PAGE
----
CZECH EDUCATION NEEDS FUNDING: Czechia’s prestigious Charles University is calling on the government to support a proposal from the science and education ministry to increase the country’s budget for educational activities by over €240 million next year. “The management of Charles University has long pointed out that if we want to promote a knowledge-based economy in the Czech Republic, i.e. an economy with higher added value, and thus develop the long-term prosperity of our society, it is essential to pay attention to the support of education, research, development and innovation,” the university wrote in a statement.  

POLAND’S R&D JOURNEY: In the latest episode, EU funding podcast The Grant dives into how Poland’s R&D landscape has evolved in the 20 years since the country joined the EU in 2004. Listen to the podcast here, with guests Ewa Kocinska-Lange from the Brussels office of Poland’s National Centre for Research and Development (NCBR) and Magdalena Bem-Andrzejewska, director of National Contact Point at NCBR.  

ROMANIA-KOREA AEROSPACE AGREEMENT: Romania’s National Institute for Aerospace Research “Elie Carafoli” (INCAS) has signed an R&D cooperation agreement with South Korean private company Hanwha Aerospace. The two parties will work together on the development of weapons systems.  

NEW MYANMAR CENTRE IN CZECHIA: A new Myanmar Studies Center has been opened at Palacký University Olomouc in Czech Republic to deepen research and understanding of Myanmar and the wider southeast Asian region. The centre is funded by Horizon Europe and will offer public lectures and academic courses on various topics related to the region. “So far, this region has not received much professional attention. We are committed to filling this gap by supporting interdisciplinary research and education focused on Myanmar,” said Kristina Kironská, the centre’s director.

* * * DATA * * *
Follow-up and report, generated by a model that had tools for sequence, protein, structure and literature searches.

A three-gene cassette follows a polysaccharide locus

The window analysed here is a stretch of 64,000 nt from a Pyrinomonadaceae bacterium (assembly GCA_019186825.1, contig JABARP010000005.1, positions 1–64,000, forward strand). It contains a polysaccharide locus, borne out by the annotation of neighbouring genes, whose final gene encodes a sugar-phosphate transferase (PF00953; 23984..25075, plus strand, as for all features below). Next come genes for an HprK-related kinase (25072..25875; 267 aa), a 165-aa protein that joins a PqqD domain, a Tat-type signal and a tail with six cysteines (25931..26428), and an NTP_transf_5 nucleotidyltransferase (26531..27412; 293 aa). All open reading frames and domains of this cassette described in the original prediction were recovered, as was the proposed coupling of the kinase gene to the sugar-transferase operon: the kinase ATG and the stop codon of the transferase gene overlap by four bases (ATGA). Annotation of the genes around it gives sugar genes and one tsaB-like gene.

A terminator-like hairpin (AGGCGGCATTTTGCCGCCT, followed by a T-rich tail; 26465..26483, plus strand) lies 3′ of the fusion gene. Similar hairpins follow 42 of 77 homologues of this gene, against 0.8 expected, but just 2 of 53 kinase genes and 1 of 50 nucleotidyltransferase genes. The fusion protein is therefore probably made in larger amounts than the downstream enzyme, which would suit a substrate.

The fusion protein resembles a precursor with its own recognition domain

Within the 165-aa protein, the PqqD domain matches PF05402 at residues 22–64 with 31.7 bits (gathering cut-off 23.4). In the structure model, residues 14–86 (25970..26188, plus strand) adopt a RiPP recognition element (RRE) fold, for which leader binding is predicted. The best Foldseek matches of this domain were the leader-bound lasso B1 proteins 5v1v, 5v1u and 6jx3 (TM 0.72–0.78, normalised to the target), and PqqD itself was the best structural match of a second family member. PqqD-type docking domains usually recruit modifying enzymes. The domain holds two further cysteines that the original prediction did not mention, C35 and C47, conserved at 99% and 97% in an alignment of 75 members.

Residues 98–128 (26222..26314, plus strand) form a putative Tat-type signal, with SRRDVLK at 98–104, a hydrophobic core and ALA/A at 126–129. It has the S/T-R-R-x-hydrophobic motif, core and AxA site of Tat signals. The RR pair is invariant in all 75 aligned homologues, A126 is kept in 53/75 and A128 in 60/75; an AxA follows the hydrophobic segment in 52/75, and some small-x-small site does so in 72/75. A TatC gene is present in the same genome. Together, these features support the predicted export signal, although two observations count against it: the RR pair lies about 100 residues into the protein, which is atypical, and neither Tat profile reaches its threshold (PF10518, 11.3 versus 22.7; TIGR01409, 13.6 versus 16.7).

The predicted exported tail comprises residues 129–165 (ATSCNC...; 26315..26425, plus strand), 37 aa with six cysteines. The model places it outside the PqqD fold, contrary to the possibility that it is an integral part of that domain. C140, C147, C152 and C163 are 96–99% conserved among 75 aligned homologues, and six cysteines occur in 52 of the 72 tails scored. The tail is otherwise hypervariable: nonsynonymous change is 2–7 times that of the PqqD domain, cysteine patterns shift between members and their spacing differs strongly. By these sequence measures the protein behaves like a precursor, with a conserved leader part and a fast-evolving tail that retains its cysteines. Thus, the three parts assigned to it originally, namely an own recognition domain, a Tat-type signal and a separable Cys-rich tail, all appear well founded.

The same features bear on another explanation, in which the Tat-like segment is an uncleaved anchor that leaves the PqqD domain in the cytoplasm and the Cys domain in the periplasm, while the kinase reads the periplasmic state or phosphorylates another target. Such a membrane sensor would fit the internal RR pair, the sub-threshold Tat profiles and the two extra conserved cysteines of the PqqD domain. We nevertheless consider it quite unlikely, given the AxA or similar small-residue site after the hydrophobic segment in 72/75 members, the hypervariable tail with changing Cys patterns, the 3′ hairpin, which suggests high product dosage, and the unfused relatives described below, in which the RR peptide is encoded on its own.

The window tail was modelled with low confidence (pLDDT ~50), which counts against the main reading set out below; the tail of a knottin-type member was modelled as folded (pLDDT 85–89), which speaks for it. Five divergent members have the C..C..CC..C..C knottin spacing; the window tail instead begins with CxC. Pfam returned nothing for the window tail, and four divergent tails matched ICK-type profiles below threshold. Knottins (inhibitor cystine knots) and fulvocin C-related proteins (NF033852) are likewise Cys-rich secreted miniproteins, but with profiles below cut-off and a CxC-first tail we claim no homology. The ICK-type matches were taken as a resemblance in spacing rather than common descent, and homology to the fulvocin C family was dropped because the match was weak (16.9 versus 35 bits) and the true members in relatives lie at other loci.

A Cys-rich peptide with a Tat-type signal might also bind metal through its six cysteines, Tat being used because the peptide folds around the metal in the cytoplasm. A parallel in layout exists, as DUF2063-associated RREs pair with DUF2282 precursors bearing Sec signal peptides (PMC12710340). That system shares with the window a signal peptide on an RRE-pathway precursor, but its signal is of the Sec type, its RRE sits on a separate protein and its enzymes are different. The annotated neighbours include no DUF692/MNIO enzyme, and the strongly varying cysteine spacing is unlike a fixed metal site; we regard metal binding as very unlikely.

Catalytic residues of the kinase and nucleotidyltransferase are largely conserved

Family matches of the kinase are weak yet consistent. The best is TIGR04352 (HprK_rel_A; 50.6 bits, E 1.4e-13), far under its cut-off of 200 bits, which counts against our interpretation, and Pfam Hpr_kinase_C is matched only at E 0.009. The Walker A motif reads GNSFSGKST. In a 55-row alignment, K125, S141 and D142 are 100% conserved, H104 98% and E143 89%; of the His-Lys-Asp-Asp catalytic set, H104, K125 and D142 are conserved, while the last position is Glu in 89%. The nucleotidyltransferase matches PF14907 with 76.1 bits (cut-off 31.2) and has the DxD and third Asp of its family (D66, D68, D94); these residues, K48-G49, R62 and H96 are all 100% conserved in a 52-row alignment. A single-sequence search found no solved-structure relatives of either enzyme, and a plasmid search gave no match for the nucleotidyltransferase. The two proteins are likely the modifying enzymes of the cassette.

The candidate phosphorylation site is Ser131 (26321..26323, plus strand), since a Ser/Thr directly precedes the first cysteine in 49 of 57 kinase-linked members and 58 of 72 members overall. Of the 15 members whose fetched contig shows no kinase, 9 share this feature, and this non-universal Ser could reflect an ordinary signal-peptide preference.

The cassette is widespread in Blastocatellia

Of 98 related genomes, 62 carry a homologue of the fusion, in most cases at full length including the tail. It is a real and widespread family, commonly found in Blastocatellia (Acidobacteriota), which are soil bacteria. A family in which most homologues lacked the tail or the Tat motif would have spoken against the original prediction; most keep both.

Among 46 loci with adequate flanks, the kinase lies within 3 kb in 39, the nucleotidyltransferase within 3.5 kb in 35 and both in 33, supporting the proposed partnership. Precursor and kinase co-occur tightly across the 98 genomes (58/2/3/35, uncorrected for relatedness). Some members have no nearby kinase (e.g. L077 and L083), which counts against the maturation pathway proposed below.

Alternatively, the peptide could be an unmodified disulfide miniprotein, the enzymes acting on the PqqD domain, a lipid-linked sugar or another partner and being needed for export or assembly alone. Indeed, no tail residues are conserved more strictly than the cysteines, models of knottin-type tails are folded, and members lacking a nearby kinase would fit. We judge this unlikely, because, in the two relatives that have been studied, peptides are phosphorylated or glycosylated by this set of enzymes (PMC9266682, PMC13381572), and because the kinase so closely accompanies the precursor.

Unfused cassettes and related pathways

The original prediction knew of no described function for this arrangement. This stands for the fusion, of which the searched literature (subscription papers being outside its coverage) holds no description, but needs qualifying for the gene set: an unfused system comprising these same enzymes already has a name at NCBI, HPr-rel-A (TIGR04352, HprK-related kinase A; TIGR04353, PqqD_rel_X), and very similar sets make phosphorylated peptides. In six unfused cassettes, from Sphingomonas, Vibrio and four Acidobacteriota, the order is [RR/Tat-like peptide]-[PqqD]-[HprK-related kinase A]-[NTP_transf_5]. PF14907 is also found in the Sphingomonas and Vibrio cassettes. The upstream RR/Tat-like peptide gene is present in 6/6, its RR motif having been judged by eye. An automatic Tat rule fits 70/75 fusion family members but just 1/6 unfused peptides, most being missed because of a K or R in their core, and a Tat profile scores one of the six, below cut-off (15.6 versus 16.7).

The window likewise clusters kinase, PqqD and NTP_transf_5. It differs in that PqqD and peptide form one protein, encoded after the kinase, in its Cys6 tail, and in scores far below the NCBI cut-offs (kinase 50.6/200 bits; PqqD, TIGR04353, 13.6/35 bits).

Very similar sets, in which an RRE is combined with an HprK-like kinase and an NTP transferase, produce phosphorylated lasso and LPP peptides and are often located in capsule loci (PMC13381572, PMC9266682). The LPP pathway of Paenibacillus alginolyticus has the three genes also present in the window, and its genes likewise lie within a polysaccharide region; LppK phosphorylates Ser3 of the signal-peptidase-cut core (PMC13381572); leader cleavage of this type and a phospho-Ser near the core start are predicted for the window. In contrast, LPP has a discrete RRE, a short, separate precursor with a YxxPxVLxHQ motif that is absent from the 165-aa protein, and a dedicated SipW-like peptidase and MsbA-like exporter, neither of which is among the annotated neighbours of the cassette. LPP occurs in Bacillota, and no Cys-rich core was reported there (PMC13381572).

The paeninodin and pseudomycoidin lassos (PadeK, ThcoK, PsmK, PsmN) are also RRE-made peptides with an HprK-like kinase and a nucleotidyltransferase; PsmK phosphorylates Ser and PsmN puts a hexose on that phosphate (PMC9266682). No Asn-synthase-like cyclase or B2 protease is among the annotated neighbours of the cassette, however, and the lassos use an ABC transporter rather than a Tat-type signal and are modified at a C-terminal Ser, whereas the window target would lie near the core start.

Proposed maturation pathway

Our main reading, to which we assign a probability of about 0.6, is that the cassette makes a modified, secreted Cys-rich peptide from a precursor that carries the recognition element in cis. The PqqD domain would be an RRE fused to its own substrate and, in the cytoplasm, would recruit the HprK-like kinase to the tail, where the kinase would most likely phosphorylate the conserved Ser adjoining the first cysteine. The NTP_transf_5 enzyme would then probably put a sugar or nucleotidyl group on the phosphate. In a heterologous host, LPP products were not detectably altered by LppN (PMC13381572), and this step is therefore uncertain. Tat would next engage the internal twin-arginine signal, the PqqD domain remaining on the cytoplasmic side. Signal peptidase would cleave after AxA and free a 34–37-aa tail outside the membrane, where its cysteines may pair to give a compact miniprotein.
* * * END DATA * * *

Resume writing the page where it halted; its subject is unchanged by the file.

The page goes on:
BOSNIA AND HERZEGOVINA’S HORIZON PROGRESS: The European Commission has highlighted Bosnia and Herzegovina’s good progress in Horizon Europe participation at a recent joint R&I committee meeting. It is the second such meeting, with the first taking place in March 2023. The Commission noted the country’s progress on the green and digital transitions, and stated its willingness to continue to help the country in capacity building and integration into the European research and innovation areas. 

Mark your calendars

LJUBLJANA, 5-8 JUNE: The European network of science centres and museums (Ecsite) is hosting its 2024 conference at the Kersnikova Institute in Ljubljana. There will be over 300 speakers including Slovenian Prime Minister Robert Golob, and MIT researchers Hugh Herr and Ana Rajcevic. Topics will range from AI, accessibility, fundraising, research and evaluation and more. Find out more here.  

BRNO, 13 JUNE: European Research Council president Maria Leptin is to visit Prague where she will give a speech at the “ERC Scientific Mini-conference”. More information here

ONLINE, 14 JUNE: With the MSCA4Ukraine scheme having recently received an additional €10 million in EU funding, a webinar will take place to relaunch the scheme and provide information for applicants interested in the 2024 call for proposals. The MSCA4Ukraine scheme has to date supported 125 researchers from Ukraine in continuing their academic work.  

KYIV, 18 JUNE: Founders, investors and public institutions will gather in the capital city of Ukraine to talk about uplifting the tech ecosystem in the war-torn country. Read more about PowerUp Ukraine here

WARSAW, 29-30 OCTOBER: The Deep Tech CEE Summit offers a chance to dive into the goings on in central and eastern Europe and connect with like minded entrepreneurs. There is also an investors’ day on 28 October. Find out more here.  

The Widening newsletter is a roundup of news and analysis of research and innovation policy and investments in central and eastern Europe, delivered to your inbox twice a month. Sign up here.